The Australian Prudential Regulatory Authority (APRA) is leading the pace by being the first major regulatory body in the world to adopt Extensible Business Reporting Language (XBRL). The authority will deploy XBRL to help it collect data from around thousands of super funds, insurers and banks more accurately and efficiently.
APRA was formed in 1998 to replace 11 state and federal agencies, including bank supervision previously handled by the Reserve Bank of Australia. APRA is now responsible for the prudential regulation of more than 12,000 banks,insurers, pension funds and other deposit-taking institutions.
On its formation, APRA inherited six different legacy data collection systems. To add to the confusion, APRA also stands in the midst of a complex information supply chain. Financial institutions reporting to APRA create documents that need to be used for things such as internal and external company needs, regulatory filings, online filings and publishing. APRA also shares this information with a number of other government agencies such as the Australian Bureau of Statistics and the Reserve Bank of Australia, requiring an additional keying and transfer of information.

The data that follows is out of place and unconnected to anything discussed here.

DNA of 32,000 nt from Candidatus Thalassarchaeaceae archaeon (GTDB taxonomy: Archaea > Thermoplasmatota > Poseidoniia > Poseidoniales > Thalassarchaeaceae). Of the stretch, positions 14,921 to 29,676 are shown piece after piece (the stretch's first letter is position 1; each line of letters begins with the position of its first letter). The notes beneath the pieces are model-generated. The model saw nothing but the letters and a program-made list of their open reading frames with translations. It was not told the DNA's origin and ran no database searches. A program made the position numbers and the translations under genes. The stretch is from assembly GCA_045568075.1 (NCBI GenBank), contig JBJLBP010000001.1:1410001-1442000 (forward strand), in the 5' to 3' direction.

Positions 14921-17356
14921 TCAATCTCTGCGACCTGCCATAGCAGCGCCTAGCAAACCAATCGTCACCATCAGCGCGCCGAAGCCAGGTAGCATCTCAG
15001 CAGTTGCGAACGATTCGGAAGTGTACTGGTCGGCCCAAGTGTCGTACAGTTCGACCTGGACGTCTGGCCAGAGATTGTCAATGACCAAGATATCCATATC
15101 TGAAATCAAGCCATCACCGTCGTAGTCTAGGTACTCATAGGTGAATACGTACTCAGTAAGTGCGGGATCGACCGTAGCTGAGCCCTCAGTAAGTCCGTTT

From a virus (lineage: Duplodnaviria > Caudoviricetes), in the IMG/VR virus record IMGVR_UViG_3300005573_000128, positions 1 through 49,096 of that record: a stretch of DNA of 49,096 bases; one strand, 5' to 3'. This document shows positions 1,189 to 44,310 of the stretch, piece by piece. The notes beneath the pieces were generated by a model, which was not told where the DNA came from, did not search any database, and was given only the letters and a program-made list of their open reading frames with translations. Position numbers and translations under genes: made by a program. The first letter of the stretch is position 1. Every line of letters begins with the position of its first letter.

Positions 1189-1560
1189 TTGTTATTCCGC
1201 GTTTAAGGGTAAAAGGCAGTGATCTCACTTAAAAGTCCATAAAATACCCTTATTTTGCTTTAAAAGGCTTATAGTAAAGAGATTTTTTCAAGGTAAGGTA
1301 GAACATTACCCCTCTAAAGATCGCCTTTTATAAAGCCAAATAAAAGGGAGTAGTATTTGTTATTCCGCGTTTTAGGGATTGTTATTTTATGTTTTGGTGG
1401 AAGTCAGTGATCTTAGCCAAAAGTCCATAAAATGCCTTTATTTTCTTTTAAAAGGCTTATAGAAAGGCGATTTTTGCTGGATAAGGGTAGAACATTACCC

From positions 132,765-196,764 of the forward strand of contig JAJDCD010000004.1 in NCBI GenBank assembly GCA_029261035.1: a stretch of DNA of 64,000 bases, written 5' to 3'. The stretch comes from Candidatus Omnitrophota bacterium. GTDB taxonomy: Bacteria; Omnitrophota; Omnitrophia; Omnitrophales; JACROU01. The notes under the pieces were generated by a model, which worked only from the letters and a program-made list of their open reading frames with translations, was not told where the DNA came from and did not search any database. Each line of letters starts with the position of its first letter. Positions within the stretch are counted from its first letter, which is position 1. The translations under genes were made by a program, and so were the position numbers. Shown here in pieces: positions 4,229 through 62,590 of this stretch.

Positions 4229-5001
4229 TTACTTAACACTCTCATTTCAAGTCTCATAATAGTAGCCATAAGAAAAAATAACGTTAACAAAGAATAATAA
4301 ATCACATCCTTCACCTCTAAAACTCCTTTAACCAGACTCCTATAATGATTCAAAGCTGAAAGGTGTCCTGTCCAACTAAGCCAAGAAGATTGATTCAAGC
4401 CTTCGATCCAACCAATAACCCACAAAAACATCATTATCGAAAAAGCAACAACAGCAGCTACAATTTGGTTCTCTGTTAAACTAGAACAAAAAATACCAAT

As a result, business reports of all types are created, reworked and re-transmitted to multiple people and institutions in many different formats over and over again by re-keying data. Each step widens the scope for error and costs significant amounts of money in lost working hours.
APRA set about to reduce the cost, time and effort required by its organisation and members to collect, collate, format and analyse data sent to its agency, and after toying with the idea of a proprietary solution, decided to settle on XBRL as a universal formatting standard for financial statements.
XBRL, which is based on the next generation of XML, uses a series of labelling systems to tag or code financial data.
These tags lets any information be processed for a variety of uses, whether it be Web publishing or to send compliance documents to regulators. In addition, the information can be received by a variety of technology formats from spreadsheets to online search engines.
APRA has already discovered a number of the benefits of XBRL. Its disparate systems have been able to attain greater interoperability as all systems can read and understand the data. In addition, it has been able to conduct a quicker analysis of financial data as it doesn't need to be re-keyed. This has also increased the accuracy and timeliness of the information.
John Turner, senior project manager, policy, research and consulting at APRA, said the real challenge now is for ITmanagers to understand the efficiencies of bringing XBRL into their business.
"The big win is when financial service companies provide XBRL out of their systems -- they get end-to-end integrity,we get more confidence in the quality and timeliness of information and it cuts out huge amounts of manual processing for all players involved in the financial information supply chain," he said.
"XBRL is like having a new export format for your computer system ? it's just that it's the most useful export formatthat you could ever dream of," he added.